enjoy Brian Michael Bendis while we can. Sure, he says he'll
never leave comics and he seems like a standup kind of guy.
it, you know that a guy who writes as well as he does will
be moving to Hollywood or getting into the world of prose
fiction. He's just too damn good to be spending his time on
terrific comics like the recent graphic novel Daredevil:
Lowlife. Sure, we've all read his book Fortune and
Glory, which chronicled in great detail how Hollywood
sucks its writers up and spits them out. I understand that.
don't buy it.
a guy who writes such terrific dialogue stay in comics? How
does someone who writes such unpredictable plots, who creates
three-dimensional characters so easily, stay in comics?
Daredevil: Lowlife, the fourth collection of his run
on the monthly title. This one tells the story of what happens
to Daredevil when his secret identity of Matt Murdock is revealed
to the world by a New York tabloid newspaper. In the meantime,
Murdock may have found a new love, and an old nemesis steps
into the place of the recently-departed Kingpin.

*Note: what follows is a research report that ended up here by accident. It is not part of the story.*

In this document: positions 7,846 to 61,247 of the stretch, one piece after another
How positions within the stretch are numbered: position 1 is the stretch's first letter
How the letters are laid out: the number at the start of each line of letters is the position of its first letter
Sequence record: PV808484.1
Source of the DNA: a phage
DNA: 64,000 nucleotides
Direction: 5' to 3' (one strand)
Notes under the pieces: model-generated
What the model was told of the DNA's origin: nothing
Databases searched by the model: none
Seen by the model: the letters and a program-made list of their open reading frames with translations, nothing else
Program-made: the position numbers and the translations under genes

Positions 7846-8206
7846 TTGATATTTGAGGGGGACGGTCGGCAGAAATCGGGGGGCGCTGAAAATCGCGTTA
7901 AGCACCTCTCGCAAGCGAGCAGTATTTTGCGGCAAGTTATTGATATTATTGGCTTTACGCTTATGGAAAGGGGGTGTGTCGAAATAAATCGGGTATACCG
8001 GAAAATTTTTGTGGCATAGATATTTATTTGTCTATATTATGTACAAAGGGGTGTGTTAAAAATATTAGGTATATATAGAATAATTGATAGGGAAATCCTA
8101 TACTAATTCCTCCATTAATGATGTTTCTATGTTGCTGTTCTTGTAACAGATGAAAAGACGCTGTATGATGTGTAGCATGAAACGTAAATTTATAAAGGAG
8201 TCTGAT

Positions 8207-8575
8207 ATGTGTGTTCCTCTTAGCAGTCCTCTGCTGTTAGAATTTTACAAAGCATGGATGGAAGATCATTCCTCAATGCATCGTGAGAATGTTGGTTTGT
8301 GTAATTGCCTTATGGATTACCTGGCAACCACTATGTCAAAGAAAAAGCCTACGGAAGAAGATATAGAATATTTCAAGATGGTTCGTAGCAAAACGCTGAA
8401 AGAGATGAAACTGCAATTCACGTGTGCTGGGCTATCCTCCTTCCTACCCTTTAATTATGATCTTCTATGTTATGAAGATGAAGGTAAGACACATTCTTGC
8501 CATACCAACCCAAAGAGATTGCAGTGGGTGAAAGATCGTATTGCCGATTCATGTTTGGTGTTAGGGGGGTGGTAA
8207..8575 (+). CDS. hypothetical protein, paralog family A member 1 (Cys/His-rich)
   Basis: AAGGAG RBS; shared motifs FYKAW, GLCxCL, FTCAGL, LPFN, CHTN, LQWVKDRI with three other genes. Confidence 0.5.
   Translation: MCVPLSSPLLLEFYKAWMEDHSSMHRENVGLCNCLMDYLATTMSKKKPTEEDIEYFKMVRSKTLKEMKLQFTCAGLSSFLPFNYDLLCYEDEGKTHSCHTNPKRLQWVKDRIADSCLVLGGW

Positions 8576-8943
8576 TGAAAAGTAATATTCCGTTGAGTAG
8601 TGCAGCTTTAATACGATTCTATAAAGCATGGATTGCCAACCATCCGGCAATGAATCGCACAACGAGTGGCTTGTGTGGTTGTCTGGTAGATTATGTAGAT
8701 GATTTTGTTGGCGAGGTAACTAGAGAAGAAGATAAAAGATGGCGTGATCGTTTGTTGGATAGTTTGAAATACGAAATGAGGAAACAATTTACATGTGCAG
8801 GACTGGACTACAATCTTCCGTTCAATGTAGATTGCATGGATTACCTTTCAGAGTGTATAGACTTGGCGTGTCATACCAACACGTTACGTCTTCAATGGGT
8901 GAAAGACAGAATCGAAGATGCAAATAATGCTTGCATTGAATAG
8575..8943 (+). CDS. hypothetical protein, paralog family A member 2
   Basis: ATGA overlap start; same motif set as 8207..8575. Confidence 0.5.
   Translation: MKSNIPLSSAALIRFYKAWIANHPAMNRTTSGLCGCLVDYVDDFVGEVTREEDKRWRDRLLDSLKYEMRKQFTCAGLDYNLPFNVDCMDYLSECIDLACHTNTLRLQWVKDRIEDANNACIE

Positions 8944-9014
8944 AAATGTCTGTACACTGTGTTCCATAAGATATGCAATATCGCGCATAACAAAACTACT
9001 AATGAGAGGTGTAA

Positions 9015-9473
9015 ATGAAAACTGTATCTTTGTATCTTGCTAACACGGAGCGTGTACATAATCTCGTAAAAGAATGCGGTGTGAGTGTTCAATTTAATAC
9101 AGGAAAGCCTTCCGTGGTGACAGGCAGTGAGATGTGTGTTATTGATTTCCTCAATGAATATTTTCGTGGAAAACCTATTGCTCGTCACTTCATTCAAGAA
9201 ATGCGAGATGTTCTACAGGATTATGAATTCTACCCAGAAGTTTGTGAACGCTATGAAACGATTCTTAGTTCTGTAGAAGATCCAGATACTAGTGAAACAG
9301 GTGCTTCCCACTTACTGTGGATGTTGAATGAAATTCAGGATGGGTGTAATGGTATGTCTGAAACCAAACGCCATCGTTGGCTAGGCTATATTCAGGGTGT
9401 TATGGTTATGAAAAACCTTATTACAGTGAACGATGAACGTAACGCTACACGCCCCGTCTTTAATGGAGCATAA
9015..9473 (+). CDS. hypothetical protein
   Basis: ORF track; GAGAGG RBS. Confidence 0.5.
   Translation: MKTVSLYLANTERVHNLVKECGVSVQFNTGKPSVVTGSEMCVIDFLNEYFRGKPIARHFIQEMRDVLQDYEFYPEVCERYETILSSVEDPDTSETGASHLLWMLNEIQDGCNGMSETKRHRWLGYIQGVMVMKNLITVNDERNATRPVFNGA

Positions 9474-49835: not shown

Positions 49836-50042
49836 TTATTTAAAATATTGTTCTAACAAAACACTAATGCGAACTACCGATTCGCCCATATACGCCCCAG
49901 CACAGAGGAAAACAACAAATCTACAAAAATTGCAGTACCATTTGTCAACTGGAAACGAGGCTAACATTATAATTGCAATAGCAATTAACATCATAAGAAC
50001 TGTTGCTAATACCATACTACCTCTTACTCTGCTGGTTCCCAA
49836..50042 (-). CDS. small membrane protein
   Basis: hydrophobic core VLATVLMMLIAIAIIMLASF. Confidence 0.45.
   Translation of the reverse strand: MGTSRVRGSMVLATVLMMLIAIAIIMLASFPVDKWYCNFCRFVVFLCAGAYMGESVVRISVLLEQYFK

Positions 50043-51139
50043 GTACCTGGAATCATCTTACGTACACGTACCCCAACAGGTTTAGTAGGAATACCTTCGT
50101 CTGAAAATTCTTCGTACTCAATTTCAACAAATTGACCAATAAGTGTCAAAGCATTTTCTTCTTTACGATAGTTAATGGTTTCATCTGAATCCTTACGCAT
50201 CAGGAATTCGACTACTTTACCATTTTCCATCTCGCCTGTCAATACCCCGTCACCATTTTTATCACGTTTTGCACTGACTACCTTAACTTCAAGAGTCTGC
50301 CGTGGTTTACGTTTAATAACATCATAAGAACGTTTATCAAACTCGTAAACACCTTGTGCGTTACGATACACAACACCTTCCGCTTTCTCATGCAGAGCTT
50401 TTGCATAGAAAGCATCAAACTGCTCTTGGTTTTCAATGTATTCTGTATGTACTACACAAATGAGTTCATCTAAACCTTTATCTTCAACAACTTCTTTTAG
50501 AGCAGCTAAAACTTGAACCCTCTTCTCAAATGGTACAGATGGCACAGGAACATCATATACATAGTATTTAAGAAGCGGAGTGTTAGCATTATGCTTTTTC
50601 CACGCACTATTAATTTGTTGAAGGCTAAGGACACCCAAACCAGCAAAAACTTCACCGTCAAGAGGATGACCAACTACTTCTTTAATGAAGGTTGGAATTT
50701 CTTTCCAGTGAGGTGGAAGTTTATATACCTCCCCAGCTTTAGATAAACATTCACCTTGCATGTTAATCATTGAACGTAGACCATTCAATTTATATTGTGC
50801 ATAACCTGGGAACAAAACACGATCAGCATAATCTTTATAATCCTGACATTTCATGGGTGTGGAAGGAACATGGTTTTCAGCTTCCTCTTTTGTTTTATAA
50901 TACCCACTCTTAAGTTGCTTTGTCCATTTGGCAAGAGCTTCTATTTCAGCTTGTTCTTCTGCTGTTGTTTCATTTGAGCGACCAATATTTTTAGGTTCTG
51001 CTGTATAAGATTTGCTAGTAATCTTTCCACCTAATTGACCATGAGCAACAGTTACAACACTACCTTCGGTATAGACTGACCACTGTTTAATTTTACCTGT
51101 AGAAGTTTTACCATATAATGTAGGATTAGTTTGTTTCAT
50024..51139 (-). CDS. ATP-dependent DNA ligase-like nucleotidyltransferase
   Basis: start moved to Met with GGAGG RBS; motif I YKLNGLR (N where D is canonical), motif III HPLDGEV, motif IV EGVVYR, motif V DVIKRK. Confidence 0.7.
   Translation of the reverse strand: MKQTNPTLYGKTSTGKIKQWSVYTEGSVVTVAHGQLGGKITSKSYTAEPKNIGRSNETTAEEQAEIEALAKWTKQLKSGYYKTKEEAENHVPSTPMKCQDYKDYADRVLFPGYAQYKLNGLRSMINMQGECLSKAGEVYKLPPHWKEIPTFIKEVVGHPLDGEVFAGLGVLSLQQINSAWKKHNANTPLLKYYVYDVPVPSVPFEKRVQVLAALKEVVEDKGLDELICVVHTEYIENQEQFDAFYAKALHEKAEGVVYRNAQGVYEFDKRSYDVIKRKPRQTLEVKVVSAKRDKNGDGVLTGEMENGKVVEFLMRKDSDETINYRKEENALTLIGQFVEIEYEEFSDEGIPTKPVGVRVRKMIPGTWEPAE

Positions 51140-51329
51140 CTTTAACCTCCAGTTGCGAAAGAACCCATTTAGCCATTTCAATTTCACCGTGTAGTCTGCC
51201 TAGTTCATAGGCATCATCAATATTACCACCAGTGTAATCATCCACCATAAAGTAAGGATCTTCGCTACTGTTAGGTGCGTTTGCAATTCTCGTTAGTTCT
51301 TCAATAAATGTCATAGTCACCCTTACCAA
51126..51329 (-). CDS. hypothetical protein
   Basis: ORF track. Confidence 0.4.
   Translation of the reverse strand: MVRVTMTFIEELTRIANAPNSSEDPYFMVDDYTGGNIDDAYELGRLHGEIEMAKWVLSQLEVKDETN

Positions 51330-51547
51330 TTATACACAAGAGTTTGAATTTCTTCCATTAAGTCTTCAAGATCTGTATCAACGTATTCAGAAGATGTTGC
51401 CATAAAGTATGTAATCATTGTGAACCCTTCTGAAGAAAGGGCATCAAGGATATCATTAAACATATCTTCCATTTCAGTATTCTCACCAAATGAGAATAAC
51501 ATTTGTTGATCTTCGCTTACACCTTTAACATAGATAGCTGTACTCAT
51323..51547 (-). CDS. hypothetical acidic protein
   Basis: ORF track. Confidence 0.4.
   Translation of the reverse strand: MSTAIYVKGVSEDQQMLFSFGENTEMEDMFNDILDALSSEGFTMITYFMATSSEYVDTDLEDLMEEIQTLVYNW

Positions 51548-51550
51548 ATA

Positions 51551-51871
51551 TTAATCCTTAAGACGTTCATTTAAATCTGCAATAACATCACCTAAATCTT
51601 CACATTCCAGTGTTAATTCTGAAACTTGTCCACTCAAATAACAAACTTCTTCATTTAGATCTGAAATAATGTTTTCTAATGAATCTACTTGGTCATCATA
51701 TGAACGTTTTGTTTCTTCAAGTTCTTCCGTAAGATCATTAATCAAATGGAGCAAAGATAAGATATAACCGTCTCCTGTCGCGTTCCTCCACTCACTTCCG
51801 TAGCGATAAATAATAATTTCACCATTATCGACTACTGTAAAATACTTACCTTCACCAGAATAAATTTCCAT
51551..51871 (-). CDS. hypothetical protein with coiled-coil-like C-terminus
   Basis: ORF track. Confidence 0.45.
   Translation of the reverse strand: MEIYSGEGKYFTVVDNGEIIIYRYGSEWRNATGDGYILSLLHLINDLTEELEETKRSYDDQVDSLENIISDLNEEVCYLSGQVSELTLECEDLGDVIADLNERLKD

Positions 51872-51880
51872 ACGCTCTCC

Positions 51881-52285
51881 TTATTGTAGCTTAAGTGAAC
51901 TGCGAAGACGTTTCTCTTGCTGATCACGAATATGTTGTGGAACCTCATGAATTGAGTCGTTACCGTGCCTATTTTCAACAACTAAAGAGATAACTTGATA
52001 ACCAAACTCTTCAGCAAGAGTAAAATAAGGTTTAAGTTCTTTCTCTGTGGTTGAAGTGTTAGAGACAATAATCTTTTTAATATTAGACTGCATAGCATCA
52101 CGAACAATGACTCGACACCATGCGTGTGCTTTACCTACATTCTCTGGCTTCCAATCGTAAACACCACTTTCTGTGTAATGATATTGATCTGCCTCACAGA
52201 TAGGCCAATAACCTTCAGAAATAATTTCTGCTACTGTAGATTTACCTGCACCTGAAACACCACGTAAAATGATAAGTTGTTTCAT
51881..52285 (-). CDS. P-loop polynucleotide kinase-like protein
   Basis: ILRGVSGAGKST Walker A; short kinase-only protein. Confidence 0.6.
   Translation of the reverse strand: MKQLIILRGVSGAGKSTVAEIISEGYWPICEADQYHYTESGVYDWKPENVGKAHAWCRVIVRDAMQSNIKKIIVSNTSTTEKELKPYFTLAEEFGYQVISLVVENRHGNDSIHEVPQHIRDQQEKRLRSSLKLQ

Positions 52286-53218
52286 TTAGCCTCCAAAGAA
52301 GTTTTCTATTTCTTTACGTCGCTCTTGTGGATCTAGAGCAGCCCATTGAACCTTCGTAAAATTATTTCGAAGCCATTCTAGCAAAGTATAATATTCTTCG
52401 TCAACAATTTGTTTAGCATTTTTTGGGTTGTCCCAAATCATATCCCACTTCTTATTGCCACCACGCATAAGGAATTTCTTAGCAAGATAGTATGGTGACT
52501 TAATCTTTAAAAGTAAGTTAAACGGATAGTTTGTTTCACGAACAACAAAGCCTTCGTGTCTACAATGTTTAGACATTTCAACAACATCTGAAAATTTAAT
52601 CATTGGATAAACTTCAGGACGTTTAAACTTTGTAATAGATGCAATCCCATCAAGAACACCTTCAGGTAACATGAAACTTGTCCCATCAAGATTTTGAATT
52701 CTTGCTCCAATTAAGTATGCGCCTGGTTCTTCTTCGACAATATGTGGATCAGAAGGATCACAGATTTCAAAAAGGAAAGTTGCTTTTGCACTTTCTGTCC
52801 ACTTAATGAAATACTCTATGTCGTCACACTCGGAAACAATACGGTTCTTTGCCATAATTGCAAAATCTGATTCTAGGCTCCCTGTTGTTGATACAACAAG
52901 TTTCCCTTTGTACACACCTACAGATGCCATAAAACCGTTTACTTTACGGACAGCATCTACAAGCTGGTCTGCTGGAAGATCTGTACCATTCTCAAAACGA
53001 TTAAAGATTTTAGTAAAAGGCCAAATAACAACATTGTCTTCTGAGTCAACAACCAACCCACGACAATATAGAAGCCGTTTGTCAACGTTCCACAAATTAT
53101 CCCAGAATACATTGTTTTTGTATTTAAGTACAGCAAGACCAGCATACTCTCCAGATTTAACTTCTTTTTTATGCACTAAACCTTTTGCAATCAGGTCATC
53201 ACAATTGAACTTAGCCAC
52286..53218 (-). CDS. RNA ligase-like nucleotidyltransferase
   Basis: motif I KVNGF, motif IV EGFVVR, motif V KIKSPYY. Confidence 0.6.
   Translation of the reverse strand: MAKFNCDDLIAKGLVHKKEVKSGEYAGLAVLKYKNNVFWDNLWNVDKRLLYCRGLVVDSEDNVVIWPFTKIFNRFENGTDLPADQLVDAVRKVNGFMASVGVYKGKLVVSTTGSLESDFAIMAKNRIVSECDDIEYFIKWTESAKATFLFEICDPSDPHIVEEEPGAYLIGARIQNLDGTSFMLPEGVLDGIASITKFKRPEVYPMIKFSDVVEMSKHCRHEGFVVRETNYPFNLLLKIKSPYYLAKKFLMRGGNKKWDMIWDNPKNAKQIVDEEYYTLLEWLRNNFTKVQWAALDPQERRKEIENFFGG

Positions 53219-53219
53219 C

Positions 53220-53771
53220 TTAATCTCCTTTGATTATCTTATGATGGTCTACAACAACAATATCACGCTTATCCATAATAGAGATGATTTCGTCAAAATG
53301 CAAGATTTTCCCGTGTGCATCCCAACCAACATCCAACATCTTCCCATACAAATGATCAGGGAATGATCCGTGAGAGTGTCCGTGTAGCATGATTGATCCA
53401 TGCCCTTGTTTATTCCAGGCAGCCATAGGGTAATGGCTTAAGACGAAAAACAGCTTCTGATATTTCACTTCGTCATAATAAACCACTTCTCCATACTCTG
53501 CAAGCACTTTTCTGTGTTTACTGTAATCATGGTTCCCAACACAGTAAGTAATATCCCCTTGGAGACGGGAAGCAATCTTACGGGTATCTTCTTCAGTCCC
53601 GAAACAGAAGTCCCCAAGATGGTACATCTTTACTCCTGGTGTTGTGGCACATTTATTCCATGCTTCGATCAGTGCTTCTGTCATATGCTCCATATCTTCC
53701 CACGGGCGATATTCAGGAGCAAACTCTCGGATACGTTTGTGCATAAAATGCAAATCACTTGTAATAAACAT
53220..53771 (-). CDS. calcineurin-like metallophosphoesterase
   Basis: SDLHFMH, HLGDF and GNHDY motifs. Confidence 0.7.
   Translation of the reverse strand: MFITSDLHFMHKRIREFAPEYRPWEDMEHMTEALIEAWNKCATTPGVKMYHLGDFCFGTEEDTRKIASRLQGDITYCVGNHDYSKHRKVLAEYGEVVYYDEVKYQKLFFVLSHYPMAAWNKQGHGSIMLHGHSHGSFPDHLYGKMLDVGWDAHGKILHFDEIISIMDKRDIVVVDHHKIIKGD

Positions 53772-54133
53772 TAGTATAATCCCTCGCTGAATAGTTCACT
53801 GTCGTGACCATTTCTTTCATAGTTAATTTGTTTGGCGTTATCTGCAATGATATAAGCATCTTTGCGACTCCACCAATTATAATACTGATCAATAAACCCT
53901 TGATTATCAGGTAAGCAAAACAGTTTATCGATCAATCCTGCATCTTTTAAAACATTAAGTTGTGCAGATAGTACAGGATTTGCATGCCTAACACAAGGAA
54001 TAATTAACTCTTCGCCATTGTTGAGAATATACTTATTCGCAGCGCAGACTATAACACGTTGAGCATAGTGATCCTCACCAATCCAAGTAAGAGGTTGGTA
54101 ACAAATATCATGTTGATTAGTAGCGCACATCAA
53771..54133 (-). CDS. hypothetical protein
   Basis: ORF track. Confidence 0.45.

were in the hands of anyone other than Bendis, it might have
been a cliché-ridden tale of secret identity and arch-villains.
In the hands of Bendis, the story becomes something special
- part detective story, part character study and only a small
part a superhero adventure.
most of Bendis's best writing, it's the dialogue in this comic
that makes it special. There's a sequence between Murdock
and Luke Cage that's wonderful, and another one between Murdock
and his long-time partner Foggy Nelson that's plain amazing.
And the scenes in which Matt begins to get close to a new
woman in his life are charming and wonderful.
art is just amazing. His style is wonderfully dark and muted,
and very realistic. His people look like real people - when
Cage and Murdock are chatting, the size and body language
of each man presents their respective attitudes with amazing
real showplace moment for Maleev occurs in part four of this
five-chapter story. Matt and his date Milla are walking through
Hell's Kitchen, New York. Maleev shows the pair walking down
a deserted street with the area's brownstone tenements looming
over them, emphasizing the connection both people feel to
the community. Suddenly, on the next page, as the pair talk
about the history of Hell's Kitchen, Maleev presents a two-page
view of the same street in the 19th-century. The street looks
realistic as Maleev immediately conjures up the past in one
as Maleev's art is, though, it's Bendis who's the star creator
of this story. And there the question still remains: how long
will we have him in comics? We'd better enjoy his writing
on Daredevil and his other books while we can, because it
has to only be a matter of time till greener pastures present